The Hunger Artist (“H.a.”),who goes by his pseudonym Travis Moor, or ™, for short, is a bit of an anomaly. Constantly grappling between the need to create and the reluctance to unveil these creations to the public, he promenades through Denver’s underground music scene with his tribe and plays music for the hell of it.
It’s likely you have not heard H.a.’s music before, unless you’ve stumbled into one of their shows at The Deer Pile, or at a word-of-mouth house party. There’s nearly no music released online, which serves as a protective layer, as well as a call to action: if you’re going to judge their self-titled “indie garbage,” at least get up and dance to it in person first.
Since 2011, the band (Travis Moor, Hunter Fausnaugh, Collin Fausnaugh, and Stefan Short) have been creating music you can move your body to, but when examined further, their tunes also have a deeper meaning. Circulating throughout the themes of philosophy, love, and the overarching goal of self-actualization, H.a. teeters between a playfully punk attitude, pop-like beats, and a general quirkiness that does not fit any mold.
I had the opportunity to talk to Moor himself, which felt like a rare treat. Aside from discussing the general history of the band, their inability to fit into Denver’s exclusive music niches, and the hilarity of pigeons, what I found most fascinating about our conversation was the concept of creating for the sake of creativity, rather than for other people.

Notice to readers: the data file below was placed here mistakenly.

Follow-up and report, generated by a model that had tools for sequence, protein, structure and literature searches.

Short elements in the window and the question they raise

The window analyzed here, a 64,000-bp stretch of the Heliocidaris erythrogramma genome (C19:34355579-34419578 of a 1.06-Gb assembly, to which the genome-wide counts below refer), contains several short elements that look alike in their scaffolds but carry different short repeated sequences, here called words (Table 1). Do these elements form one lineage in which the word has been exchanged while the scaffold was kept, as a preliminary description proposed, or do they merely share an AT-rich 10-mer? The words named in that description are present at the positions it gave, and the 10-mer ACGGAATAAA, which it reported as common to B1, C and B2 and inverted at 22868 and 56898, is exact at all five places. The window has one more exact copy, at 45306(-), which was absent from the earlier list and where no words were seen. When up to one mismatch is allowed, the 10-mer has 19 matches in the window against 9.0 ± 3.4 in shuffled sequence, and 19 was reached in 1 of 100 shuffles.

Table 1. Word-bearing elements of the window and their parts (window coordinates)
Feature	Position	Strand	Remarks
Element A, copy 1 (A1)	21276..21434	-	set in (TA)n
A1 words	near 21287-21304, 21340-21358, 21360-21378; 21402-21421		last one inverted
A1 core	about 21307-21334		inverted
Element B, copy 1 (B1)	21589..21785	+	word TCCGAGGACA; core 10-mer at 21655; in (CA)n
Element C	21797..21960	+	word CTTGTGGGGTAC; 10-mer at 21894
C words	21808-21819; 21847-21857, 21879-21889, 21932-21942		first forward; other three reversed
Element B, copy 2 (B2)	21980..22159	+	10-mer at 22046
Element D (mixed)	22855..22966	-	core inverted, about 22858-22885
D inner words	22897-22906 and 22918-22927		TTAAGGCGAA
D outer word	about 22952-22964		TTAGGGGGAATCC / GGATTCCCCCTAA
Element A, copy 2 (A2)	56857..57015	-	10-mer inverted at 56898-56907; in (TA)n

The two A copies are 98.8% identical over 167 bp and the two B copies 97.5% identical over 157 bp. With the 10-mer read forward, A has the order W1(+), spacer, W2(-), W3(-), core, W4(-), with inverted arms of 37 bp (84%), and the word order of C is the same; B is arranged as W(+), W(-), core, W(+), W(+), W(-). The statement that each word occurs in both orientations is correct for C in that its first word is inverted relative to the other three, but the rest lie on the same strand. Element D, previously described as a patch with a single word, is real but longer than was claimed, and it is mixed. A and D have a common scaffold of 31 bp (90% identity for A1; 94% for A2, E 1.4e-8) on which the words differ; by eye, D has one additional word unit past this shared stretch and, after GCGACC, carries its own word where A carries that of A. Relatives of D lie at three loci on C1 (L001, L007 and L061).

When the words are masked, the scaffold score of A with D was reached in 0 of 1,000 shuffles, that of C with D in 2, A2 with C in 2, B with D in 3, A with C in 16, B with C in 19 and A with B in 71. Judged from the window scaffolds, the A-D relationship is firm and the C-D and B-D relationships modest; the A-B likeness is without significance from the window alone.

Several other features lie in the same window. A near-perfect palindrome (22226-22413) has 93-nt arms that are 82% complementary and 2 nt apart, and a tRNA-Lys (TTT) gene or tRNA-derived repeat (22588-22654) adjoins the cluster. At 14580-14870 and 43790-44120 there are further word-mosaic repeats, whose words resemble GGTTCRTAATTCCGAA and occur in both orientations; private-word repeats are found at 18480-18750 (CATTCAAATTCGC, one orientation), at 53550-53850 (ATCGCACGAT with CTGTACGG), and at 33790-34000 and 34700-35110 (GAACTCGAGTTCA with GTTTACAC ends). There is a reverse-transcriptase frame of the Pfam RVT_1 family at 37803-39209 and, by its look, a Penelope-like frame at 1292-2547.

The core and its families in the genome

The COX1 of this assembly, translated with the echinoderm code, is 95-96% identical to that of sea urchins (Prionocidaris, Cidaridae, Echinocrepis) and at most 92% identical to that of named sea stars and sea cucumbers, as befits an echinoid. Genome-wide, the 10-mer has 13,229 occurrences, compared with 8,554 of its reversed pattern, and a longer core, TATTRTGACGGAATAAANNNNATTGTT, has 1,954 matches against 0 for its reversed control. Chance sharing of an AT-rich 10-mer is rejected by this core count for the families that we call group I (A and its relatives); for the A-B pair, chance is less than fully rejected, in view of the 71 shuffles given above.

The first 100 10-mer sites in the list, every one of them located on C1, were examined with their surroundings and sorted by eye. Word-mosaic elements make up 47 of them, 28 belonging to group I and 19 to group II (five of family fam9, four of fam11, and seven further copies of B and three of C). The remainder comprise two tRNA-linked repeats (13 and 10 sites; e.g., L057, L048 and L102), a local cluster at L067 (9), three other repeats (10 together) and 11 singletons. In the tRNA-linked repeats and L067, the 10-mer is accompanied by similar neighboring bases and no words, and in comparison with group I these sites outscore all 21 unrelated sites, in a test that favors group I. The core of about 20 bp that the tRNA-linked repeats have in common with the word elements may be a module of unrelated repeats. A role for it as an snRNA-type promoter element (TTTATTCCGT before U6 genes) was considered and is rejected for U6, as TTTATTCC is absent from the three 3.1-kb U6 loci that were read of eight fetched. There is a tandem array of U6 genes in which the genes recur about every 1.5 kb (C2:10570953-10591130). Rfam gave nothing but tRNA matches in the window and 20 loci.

The rationale behind much of Moor’s creative decisions revolves around “inside jokes with himself,” and when prompted about what he wants people to know about him, Moor replied, “I’ve never really thought about it until I started thinking that people actually may want to know me. I want people to focus on what they’re doing and what they’re experiencing.” We discussed Franz Kafka’s “A Hunger Artist,” which details the life of an archetypal artist, who, despite the declining appreciation of his craft, performs no matter if anyone is watching.
In the last few years, H.a. has been hitting it hard, finishing an album, recording music at The Spot Studios, and having enough music for a second and third album. And if we’re lucky, we’ll be able to hear some of it. The band just released their music video for “Gotta Live a Life” which adds a quirky spin to the concept of corrupted ideas and groupthink. The video was directed by Josh Mackey and stars the ever-bizarre punk musician Little Fyodor.
Watch H.a.’s “Gotta Live a Life” music video:
While the connection between artists and their fans is often highlighted, The Hunger Artist plays the devil’s advocate, and suggests that creativity should inevitably exist for the creator itself, because in the end, it’s your soul that rests in that piece of art.
All photos, videos, and embedded tracks per the artist featured and those credited. This feature was edited for brevity and clarity by BolderBeat.